The number of scam robocalls has plunged by almost 30 percent since June, as major national cellphone service providers have increasingly adopted new technology to help consumers avoid “spoofing” calls, a new report says.
Cellphone service providers are required by federal law to install a technology called STIR/SHAKEN, which allows them to verify a call coming on their networks is actually coming from the number on its caller ID, and to take certain steps if it isn’t.
For some customers the new technology now gives them a warning that comes up on their phone screens, such as “SCAM RISK” when a call comes in from an unverified source, giving the customer the option to pick up or ignore it.
Other steps taken by providers include blocking all calls from numbers that couldn’t possibly exist because of the combination of area code and prefix on its caller ID, and allowing customers to routinely block all calls with no caller ID, upon request.
The Federal Communications Commission set a deadline of June 30 for cellphone service providers to adopt caller ID verification, with a three-month informal grace period set to expire next week.
The five biggest cellphone providers — who together control 99 percent of the market —have adopted the new technology, with some exceptions for small portions of their networks, according to a new report by Massachusetts Public Interest Research Group, or MassPIRG.
But the report also found that many small- and mid-sized providers have not adopted the technology, particularly those who provide landline service. Some of them have an extension on compliance.
“We’re seeing strong progress, but there’s still a lot of work to be done to get the smaller providers on board,” said Deirdre Cummings, MassPIRG legislative director.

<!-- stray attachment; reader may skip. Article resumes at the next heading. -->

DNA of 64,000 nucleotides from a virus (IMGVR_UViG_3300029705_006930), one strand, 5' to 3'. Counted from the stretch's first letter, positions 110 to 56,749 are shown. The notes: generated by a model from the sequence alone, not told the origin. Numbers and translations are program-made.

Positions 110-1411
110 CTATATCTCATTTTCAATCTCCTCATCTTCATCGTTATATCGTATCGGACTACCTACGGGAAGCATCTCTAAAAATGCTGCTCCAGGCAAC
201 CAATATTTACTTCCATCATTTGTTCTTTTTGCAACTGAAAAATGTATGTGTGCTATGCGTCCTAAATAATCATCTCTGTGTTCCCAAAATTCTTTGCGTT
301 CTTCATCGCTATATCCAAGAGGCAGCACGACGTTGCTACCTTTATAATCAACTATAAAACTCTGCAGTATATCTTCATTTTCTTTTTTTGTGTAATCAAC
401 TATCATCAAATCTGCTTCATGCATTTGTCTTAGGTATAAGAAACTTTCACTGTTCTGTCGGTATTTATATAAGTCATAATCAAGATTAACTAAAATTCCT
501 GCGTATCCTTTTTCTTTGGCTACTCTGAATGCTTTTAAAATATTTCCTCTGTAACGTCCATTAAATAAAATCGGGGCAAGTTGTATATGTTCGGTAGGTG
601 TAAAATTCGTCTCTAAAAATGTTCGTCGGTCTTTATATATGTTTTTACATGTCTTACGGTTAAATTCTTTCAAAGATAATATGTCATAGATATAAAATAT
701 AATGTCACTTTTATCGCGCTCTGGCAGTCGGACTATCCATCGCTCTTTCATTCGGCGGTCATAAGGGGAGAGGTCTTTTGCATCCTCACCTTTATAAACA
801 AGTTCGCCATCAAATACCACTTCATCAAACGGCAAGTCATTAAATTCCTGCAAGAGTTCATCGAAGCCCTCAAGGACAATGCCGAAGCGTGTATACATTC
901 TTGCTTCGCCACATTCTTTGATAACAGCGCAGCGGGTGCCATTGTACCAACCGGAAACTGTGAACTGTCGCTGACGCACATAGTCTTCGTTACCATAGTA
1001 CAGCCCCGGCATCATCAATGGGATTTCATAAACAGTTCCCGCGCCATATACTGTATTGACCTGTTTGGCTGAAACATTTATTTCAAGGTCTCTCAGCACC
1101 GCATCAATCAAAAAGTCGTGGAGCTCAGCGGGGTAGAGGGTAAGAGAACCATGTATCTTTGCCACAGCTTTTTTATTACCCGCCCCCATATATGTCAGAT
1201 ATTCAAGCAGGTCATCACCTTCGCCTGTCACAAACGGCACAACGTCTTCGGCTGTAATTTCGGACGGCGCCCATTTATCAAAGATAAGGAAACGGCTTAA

“The development of new technology, combined with the FCC requirement, really benefits consumers by significantly reducing the nuisance and danger of robocalls,” she said. “When we get all providers on board we should see a great reduction.”
Some robocalls provide useful information, such as calls from school districts when classes are canceled due to weather and calls from pharmacies when prescriptions are ready, while others may be unwanted and annoying, but not illegal, like an offer to reduce your credit card interest rate. But calls aimed at deceiving or defrauding consumers are scams and illegal.
Illegal robocalls cost consumers $10 billion a year in fraud, and $3 billion in wasted time, according to federal authorities.
To help enforce compliance with its caller ID verification mandate, the FCC is requiring all phone service providers to register the steps they have taken with the FCC. Failure to register will result in those providers being blocked from switching calls to those providers who have complied. (Calls typically pass through different networks and different providers, like handing off a baton in a relay race.)
Spoofing occurs when con artists call you and impersonate a bank, the IRS, the police, the Social Security Administration, Amazon, or other entities, using software to have the names of those entities pop up on your phone screen.
When you pick up, the con artist tries to get your personal information, such as bank passwords, or get you to agree to wire money or buy gift cards to pay some phony obligation.
Some robocallers set their caller ID with your area code and prefix to lure you into believing the call is from a neighbor or local business.
The MassPirg report, while “cheering the prospect of fewer robocalls,” also points out that “robotexts are on the rise,” which the report says now number in the billions per month.
The caller ID verification technology now mostly adopted by cellphone service providers does not work with text messages, the report says. Service providers are working on technology to bridge that gap, the report says.
“Phone service providers should face the same requirements for text messages as they do for robocalls,” Cummings said.
Complaints about text messages are up about 35 percent compared to three years ago, the FCC says.
Another area of concern is landlines, many of which are provided by smaller phone service providers.
“For people who have landlines, the caller ID verification technology is available, but there’s a lot of smaller companies going without it because for them, it’s an expense,” Cummings said.
The FCC gave companies with fewer than 100,000 customers a two-year extension of the deadline for compliance.
But MassPIRG and some state attorneys general are now pushing the FCC to move up that deadline by one year.
“We’re thrilled to see the reduction in robocalls to cell phones, but the danger is that the bad actors will now concentrate on landlines, which are still unprotected,” Cummings said.